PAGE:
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Culture » Arts & Entertainment

Let Us Spray

The Exterminators begins a wild ride to an uncertain destination.



Exploding organs, lesbians, luchador rat fights, literary hookers and cockroaches: If those things aren’t enough to at least pique your interest in The Exterminators, then someone isn’t doing his or her job. Simon Oliver and Tony Moore have paved the way for a story that seems to be going in every possible direction without actually going anywhere. It also makes for a book that’s impossible to put down.


Oliver makes his comics debut with this ongoing Vertigo series'not a bad place to start'revolving around a just-paroled con Henry James and his new life as an exterminator in Los Angeles. At work, he’s surrounded by a group of eccentric characters like Stretch, his Zen-like partner; a guy who mainlines bug poison; and a guy who spends his free time fighting rats in an underground warehouse. In the midst of all this, Henry battles roaches that are seemingly becoming more organized and runs across an old box that may give his life a whole new meaning.


It’s hard to explain exactly what the plot is, because so far, there are too many strands to make a reasonable guess. Henry is definitely the focal point. But at its heart, this is an ensemble book; if demand becomes great enough, or if Oliver simply gets bored with him, any one of the supporting characters could run off with the story. Judging by how Oliver has things set up, neither approach would be surprising, and Oliver is leaving himself multiple options just in case.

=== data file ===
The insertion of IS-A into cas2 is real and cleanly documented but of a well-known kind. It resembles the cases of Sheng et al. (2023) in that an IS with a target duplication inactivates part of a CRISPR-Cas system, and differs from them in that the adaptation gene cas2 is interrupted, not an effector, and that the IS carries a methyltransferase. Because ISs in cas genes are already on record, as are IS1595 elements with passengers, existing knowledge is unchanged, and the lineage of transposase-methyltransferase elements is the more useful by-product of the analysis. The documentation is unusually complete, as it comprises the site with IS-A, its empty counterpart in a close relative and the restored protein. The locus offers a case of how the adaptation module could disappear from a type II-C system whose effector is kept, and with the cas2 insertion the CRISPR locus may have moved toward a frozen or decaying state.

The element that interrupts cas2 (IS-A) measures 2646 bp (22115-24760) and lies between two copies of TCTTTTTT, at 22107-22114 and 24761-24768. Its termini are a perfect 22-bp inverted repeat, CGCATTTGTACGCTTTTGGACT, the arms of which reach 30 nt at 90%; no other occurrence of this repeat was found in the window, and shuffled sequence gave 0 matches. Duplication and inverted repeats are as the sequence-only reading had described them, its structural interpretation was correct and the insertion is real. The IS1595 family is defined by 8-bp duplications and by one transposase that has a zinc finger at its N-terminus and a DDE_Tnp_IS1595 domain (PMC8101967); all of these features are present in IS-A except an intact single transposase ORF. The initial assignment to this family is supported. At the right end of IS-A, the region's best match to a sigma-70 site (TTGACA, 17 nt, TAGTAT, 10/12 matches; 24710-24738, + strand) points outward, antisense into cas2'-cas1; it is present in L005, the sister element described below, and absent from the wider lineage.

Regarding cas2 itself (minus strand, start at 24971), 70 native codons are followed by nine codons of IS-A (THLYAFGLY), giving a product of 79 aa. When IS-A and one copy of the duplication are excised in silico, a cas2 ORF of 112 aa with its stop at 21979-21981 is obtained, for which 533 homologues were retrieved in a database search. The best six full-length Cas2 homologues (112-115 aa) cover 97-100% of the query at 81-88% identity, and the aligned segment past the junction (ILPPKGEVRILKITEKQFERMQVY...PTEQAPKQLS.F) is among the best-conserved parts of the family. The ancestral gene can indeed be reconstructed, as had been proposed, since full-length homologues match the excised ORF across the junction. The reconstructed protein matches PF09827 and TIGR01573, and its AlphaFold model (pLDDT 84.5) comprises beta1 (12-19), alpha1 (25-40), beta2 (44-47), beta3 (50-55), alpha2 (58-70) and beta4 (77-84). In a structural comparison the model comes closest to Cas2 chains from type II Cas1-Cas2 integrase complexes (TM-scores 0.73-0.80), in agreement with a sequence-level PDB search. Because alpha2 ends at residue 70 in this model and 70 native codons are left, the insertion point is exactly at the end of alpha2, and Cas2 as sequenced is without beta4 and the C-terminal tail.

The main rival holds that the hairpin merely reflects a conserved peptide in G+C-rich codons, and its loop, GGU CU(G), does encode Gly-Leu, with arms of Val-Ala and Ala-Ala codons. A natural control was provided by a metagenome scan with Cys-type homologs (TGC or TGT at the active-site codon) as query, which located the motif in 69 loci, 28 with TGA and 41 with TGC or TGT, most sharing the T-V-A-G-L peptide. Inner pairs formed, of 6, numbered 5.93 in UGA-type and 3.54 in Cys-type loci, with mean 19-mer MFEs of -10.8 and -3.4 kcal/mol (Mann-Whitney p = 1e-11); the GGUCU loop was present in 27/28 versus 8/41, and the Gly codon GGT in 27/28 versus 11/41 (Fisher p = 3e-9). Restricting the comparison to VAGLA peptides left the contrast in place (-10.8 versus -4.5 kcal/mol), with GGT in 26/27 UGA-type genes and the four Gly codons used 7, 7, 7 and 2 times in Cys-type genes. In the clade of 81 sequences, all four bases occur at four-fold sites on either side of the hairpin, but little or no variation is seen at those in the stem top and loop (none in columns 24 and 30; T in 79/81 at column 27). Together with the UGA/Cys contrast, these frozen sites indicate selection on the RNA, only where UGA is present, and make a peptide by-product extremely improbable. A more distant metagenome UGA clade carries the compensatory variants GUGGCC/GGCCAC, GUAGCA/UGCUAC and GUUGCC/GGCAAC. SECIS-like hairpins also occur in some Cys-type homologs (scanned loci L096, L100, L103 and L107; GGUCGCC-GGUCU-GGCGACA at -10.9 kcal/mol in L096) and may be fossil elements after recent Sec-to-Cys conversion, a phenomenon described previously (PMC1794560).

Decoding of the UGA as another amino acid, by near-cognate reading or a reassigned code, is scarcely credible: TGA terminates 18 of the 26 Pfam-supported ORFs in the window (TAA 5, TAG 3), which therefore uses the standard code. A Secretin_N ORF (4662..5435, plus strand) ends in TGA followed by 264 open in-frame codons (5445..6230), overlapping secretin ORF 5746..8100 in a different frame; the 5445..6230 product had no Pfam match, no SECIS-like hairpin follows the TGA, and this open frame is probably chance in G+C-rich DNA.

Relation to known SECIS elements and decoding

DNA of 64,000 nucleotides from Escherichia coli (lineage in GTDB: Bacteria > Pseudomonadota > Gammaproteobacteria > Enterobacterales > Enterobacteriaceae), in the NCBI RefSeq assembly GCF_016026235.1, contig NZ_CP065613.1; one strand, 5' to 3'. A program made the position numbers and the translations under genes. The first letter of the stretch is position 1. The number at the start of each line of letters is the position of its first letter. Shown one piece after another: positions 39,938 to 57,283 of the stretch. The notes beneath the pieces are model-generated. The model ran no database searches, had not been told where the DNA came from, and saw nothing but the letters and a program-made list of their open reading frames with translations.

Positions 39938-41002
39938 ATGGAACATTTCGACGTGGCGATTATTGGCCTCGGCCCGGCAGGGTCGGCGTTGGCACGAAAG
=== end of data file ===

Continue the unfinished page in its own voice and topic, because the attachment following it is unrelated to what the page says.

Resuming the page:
Tony Moore'an artist who has spent the last few years working on straight horror titles'brings a nice reality to a book that is filled with random craziness. His style is so calm and clean that an exploding fireball of rats or a river of bugs provides just the shock that the story calls for; his character designs make sure that every single person is unique and identifiable, a feat that’s sometimes tough to pull off in comics. It lends the perfect balance to Oliver’s all-over-the-place style of writing.


It’s refreshing to read a book that’s as original and “out there” as The Exterminators because the industry can always use new ideas. Oliver and Moore have a handle on this book and seem to be enjoying themselves, and that makes it enjoyable for everyone else as well. Hopefully, the sum of all the parts eventually result in an amazing whole, but it’s too early to tell whether or not that’s going to happen. For now, it’s enough just to enjoy the ride'especially when that ride contains exploding organs and literary hookers.


nSimon Oliver
nTony Moore